Study objectives: To identify characteristics associated with respiratory symptoms due to an episode of air pollution.
Design: Mail survey.
Setting: In October 1992, the population of the city of Winnipeg was exposed to elevated levels of particulate matter (total and <10 µm, size), carbon monoxide, nitrogen dioxide, and volatile organic compounds due to smoke from adjacent fields where farmers were burning agricultural residue (straw and stubble).
Participants: We surveyed 428 participants in the ongoing Lung Health Study (35 to 64 years old, both sexes) with mild to moderate airways obstruction (mean FEV1 percent predicted 73±12%), and a high level of airways hyperreactivity (23% of men and 37% of women).
Results: While 37% of subjects were not bothered by smoke at all, 42% reported that symptoms (cough, wheezing, chest tightness, shortness of breath) developed or became worse due to the air pollution episode and 20% reported that they had breathing trouble. Those with symptoms were more likely to be female than male and were more likely to be ex-smokers than smokers. Subjects with asthma and chronic bronchitis were also more likely affected. The degree of airways obstruction and the level of bronchial hyperresponsiveness were not associated with increased susceptibility.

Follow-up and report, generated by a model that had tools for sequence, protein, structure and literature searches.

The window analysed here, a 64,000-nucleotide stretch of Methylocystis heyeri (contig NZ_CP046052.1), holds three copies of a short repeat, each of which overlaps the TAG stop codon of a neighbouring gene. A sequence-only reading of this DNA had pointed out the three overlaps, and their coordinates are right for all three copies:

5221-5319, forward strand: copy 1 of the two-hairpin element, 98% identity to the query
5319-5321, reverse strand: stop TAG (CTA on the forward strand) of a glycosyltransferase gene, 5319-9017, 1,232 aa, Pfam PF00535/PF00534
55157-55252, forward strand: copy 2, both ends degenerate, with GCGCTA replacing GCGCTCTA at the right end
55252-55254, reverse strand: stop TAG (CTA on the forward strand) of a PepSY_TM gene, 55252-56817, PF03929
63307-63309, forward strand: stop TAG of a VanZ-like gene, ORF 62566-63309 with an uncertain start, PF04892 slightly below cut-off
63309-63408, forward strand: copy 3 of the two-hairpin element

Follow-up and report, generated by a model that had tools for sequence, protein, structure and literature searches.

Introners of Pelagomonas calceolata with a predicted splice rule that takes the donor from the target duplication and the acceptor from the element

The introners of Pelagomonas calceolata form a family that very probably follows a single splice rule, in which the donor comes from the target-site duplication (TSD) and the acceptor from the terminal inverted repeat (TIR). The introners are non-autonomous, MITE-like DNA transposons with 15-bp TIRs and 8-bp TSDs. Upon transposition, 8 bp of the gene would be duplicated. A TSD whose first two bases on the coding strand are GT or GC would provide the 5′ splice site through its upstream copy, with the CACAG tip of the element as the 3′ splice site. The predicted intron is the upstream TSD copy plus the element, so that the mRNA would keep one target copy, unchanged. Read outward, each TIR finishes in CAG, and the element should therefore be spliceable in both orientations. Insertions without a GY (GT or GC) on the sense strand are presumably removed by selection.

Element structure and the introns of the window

Conclusions: Gender, smoking habit, and respiratory symptoms but not bronchial hyperresponsiveness or the degree of airways obstruction are factors influencing susceptibility to symptoms due to air pollution in adult smokers and former smokers.